A just punishment?

I swore to myself i wouldn't get angry.

I tried, so hard to avoid watching or reading about this story as I knew it would get me angry... Breath deeply, relax, don't think about it...

No, no good. I saw the news and had to watch the story about the Teacher in Sudan. You know, the one who could face the lash after 'insulting Islam' and 'inciting hatred.'

Hienous crimes indeed. So, what did she do? What act of terror, oppression or racial hatred did she engage in to bring the wrath of Islamic law (and lets not beat about the bush here - for a purportedly 'peaceful' religion, Islam takes punishment very seriously. And why wouldn't it? Such cruel punishments were commonplace around the world at the time the koran was written. If your beliefs require you to freeze time and live your life according to a book written during the dark ages and not significantly altered since the 13th century, then dark age punishments are entirely appropriate!) down upon herself?

She allowed her class of children to name a teddy bear Mohamed.

Yes, read it again if you haven't seen this story.

She allowed her class of children to name a teddy bear Mohamed.

OH NO! Fucking hang the bitch! How dare she insult the saintly person or spirit of the great prophet (peace be upon him).

The lash is too good for this evil witch! She will surely, Allah being merciful, burn in the fires of hell for all eternity!

And lets think about the poor kids here, shall we?

They've been brought up, by parents who no doubt have the best intentions, to love the prophet and love Allah - to revere the prophet above all others, loving him more than their own families.

Think about it - through a child's eyes, what is wrong with personifying this love by naming a cute teddy bear after the object of your affections?

Don't children often name pets or toys after a friend? What will those children be thinking and feeling, to know that their teacher could be physically punished for allowing it? How will their parents explain to them what she did wrong?

Perhaps the poor teacher should have known better: - you live and learn at least, even if she will be scarred for life if they carry out this punishment.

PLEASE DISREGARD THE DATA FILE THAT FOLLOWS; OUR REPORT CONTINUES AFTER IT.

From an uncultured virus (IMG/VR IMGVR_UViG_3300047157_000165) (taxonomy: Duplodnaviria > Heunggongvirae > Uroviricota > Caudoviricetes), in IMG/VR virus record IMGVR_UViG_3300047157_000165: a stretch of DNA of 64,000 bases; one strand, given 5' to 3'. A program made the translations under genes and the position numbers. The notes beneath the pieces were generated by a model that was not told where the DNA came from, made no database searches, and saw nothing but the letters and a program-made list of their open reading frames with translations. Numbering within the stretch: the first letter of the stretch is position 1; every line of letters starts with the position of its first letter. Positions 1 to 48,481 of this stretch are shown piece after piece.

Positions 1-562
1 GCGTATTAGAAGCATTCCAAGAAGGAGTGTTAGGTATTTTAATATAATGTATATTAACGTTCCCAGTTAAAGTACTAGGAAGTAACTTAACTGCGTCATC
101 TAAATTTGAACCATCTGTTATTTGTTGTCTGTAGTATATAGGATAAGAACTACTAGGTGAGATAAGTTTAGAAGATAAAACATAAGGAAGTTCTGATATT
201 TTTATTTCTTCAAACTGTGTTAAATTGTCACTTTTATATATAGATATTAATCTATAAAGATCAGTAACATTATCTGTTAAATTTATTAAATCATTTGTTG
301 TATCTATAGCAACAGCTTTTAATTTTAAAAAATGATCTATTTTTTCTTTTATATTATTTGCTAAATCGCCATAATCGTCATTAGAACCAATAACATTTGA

How many 'moderate' British muslims are squirming over this story? All of you I hope!

How many of you find it funny?

How many find it ridiculous and would rather the Sudanese court quietly dropped it?

It doesn't matter, because all of you know, in your heart of hearts, that the Sudanese court is just obeying the laws that Islam has imposed upon it. They are not 'in the wrong' as far as Islamic law is concerned. If they truly believe in the word of the Koran (at least whichever abritrary interpretation of it they favour - I'm sure someone will tell me the predominant Sudanese sect) they must carry out the law and punish her accordingly.

We observers in our westenised, modern, enlightened societies - whatever our professed 'faith' - find this story tragic, amusing, or alarming. This is because our cultures have spent centuries quietly and diligently finding out about the real world, and inded the rest of the Universe, instead of taking it as read that some book or other thrown together over the course of several centuries, with texts abritrarily cobbled together whilst others are discarded, holds all the truth and knowledge we require to live.

Time and again, the established position of the mainstream religions has had to adapt to accommodate new knowledge. We now have enough knowledge to completely discard as false any of the creation myths related in any of the holy texts, from every culture the world has produced. (See, I'm not just singling out Islam!)We can effectively right off as false, and historically inaccurate, most if not all of what is written in the Abrahamic texts, therefore there is no justifiable reason to use what is written in them as the basis for a way of life.

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